Market design can help boost flexible backup and manage demand. Ireland, for example, is introducing real-time balancing and intraday markets to create price signals to potential investors in flexible generation, demand-side response, and storage, aiding the development of a more flexible grid to respond better to increased renewables penetration.

The institute’s analysis focused on existing and proven management techniques and technology, and emerging technologies were not considered. “But we note that battery storage is an emerging solution,” the report said.

In September 2016, about 850,000 customers in South Australia lost their electricity due to tornados that set off cascading events. About 456 MW of wind power went offline, leading to a surge in power imports, which in turn tripped offline the interstate interconnector leaving South Australia in the dark.

In the wake of the blackout, battery storage was added to complement wind farms. “South Australia now appears to be a world leader in major grid-scale and residential battery deployments, with at least five completed or announced installations at the time of writing,” the study said. “Regarding completed projects, the 315 MW Hornsdale wind farm in late 2017 installed a 100 MW lithium-ion battery – at the time the world’s biggest – to provide frequency control, as well as other grid balancing services.”

The nine strategies, polices or investments that the study found bolster resiliency and reliability in high-penetration renewable generation grids were:

  1. Timely investment in the transmission grid: Texas is the lead example of a highly organized program of transmission network investment connecting wind farm regions with cities.
  2. Boosting transmission interconnections and cooperation between neighboring countries and power markets: In 2014, the California Independent System Operator (CAISO) and PacifiCorp launched the Western Energy Imbalance Market, which extended into seven states, the area that CAISO could call upon to balance variability in demand and supply, thus reducing renewables curtailment.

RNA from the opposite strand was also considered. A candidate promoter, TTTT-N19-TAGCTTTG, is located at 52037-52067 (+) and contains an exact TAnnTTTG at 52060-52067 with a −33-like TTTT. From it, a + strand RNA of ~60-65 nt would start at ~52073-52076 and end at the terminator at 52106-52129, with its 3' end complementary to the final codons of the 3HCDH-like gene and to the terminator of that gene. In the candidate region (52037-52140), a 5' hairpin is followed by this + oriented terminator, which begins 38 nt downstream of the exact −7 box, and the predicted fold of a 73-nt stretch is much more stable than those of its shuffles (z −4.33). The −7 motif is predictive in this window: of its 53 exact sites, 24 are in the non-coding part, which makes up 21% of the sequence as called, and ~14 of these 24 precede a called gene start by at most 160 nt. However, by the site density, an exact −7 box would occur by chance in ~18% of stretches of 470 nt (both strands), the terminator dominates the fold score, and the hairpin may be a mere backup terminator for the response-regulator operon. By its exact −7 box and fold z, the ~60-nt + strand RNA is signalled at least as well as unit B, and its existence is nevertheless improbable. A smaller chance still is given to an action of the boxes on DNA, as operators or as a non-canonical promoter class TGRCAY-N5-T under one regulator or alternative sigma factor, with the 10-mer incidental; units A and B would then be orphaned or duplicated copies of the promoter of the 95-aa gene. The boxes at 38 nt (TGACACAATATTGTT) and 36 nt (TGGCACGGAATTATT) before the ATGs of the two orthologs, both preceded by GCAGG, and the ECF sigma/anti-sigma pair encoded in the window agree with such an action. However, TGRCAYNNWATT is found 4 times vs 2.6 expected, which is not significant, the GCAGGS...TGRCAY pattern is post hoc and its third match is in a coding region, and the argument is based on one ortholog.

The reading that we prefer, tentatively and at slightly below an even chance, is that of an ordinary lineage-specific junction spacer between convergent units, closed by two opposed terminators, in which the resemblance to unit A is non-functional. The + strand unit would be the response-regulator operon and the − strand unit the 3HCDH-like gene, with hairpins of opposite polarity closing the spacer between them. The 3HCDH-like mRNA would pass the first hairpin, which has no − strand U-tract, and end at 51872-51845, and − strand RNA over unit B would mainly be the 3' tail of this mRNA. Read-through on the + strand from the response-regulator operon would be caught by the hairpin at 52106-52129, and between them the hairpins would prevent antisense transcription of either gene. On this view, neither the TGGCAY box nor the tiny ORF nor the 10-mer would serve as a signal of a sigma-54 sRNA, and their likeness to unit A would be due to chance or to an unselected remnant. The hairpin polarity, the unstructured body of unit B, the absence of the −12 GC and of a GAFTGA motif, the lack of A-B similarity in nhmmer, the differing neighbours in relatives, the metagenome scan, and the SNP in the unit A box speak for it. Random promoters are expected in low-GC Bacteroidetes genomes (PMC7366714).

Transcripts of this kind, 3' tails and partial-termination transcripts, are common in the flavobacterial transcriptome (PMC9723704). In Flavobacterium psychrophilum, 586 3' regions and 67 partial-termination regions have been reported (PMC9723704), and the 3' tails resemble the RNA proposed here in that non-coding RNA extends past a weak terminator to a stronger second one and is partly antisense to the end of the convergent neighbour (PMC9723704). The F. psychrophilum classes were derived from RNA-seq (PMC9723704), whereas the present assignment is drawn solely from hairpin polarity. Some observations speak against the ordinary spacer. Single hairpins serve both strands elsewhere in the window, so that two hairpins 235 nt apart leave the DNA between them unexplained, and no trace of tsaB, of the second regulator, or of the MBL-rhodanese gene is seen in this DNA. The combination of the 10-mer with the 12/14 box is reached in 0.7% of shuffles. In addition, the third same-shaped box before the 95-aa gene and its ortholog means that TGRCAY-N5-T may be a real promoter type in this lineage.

3. Ensuring flexibility in domestic generation: In Uruguay, domestic hydropower provides flexibility for wind generation that has grown more than thirtyfold in the past five years.
  4. Market reform to boost flexible backup: Ireland is in the process of introducing real-time balancing and intraday markets to provide important price signals to potential investors in flexible generation, demand-side response, and storage, aiding the development of a more flexible grid to respond better to increased renewables penetration.
  5. Supporting demand-side flexibility: Following a one-in-a-100-year storm that caused a statewide blackout in 2016, South Australia devised an energy plan backing new sources of flexibility, including 1,000 MW of contracted demand-side management.
  6. Better wind and solar forecasting: In Spain, modeling advances at the national wind power forecaster, SIPREOLICO, have halved day-ahead forecasting errors.
  7. Enhancing the responsiveness of the distribution grid: Germany has changed grid codes for household solar inverters to make them responsive to variations in grid frequency and thus stabilize the grid, while avoiding any prospect of sudden, large-scale disconnection.
  8. Making renewables more responsible for grid balancing: Beginning this year, wind power aggregators in Denmark will have to provide firm power from across their portfolios, including the oldest turbines, meaning they will pay for inaccurate forecasts.
  9. National leadership: India’s ambition to drive fivefold national growth in variable renewables over the next decade has spurred initiatives such as its Interstate Green Power Corridor, favoring local integration of solar power in the state of Tamil Nadu.